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Guilty Until Proven Innocent Pub Drug Test ::

Reported by Olly @ Trackitdown on October 5, 2007

Cops in Oxfordshire forced drinkers attempting to enter the Litten Tree pub in Bicester to undergo drug tests before being allowed in last week, using their recently purchased drugs itemiser machine.

The machine measures minute traces of narcotics from swaps swept across suspects’ hands and was used on every single drinker entering the pub, The Oxford Mail reported.

Machine operator Det Sgt Steve Duffy, of Banbury CID, was ecstatic, and claimed the public had been equally excited.

"It went very well,” he told the Mail, “The public were very supportive. Many people were saying they wanted to be tested.”

The same officer carried out a similar raid on drinkers in Oxford clubs two weeks earlier, swabbing reveller’s hands as well as mobile phones, purses and wallets, and was similarly impressed by the apparently desperate to be tested drinkers.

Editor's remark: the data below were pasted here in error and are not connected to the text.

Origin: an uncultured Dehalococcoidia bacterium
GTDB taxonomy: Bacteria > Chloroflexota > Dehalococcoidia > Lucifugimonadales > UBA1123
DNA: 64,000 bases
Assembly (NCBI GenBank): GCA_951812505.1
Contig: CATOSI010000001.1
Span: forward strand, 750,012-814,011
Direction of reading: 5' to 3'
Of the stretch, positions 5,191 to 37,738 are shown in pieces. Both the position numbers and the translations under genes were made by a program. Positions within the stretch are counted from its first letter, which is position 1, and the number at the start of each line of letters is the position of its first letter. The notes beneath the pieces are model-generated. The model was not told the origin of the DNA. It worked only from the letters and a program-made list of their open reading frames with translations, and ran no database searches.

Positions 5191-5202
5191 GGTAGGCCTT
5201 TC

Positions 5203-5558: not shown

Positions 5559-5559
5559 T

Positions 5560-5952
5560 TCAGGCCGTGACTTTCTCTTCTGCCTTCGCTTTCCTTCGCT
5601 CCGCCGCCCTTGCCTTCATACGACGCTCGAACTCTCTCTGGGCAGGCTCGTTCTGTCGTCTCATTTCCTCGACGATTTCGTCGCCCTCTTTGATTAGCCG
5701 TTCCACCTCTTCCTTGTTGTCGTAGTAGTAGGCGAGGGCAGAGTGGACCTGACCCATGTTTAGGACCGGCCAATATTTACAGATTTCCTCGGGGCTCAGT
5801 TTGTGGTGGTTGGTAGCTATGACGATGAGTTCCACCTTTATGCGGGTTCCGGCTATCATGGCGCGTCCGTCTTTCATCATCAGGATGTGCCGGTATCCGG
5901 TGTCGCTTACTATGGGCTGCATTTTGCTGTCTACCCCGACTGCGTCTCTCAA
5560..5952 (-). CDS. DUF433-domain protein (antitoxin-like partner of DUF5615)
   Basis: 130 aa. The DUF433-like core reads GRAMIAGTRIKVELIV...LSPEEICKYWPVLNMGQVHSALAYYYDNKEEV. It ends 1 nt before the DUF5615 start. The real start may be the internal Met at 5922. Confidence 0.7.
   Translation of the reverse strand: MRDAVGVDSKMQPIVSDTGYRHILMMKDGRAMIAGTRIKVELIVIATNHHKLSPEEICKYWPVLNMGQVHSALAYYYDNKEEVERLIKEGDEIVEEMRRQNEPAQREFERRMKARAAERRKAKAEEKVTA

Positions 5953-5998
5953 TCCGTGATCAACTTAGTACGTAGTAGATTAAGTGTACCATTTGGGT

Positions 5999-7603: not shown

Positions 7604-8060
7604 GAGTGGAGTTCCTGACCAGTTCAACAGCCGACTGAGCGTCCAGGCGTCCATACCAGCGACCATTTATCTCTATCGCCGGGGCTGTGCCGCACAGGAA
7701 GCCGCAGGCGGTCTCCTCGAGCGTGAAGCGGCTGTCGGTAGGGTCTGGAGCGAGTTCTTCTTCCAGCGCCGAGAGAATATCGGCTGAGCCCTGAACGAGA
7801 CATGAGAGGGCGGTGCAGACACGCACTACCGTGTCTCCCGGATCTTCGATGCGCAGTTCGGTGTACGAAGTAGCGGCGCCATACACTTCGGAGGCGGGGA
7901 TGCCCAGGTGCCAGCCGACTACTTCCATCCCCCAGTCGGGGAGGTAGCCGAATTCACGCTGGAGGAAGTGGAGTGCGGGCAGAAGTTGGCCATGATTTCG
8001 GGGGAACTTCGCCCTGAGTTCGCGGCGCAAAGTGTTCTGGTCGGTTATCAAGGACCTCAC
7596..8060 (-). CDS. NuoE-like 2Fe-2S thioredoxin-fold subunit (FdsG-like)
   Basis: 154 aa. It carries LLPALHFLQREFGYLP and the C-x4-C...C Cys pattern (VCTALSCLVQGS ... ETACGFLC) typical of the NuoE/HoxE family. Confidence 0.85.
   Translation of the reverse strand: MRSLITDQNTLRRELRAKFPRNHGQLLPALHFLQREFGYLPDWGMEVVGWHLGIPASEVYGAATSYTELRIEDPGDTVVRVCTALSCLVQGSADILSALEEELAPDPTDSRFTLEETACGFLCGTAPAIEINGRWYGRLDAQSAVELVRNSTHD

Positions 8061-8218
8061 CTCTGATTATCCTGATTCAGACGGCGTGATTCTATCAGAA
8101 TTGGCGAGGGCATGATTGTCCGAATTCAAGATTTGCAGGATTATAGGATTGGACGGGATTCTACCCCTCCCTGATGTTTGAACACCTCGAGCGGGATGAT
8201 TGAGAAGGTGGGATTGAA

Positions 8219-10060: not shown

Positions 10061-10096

"We had a universally positive response from the people we tested in Banbury, and this from customers who were predominantly in the 18-25 age group,” Sgt Duffy told the Mail on September 4, "They were pleased to know they were going out for the night in a drug-free environment."

The Itemiser device first surfaced in the UK in 2003 when Staffordshire Police tested 190 people entering a local nightclub. Civil liberties organisation UKCIA,org said at the time ‘this test is apparently "voluntary", however the police have said "If someone refuses, then it is a tick in the first box of suspicion", a strategy they described as ‘menacing’.

"This is an extremely questionable use of police powers,” a Liberty spokesperson told UKCIA.

“The police cannot force someone who is not under arrest to take a drug test but they are implying they can. To then use a perfectly legitimate refusal to comply as part of the justification for suspicion is an abuse of policing powers,” he said.  (‘If you are queuing for entry to a club and it becomes apparent that the police are conducting hand swabs:  Don’t panic – you might turn up a positive result and you might not – the likelihood is that whether you have actually handled drugs or not will have little bearing on the outcome. Remember also that the use of dummy machines is rumoured – at £40,000 each, police forces are limited in the number of genuine machines they can afford . . .')


Jonty Skrufff (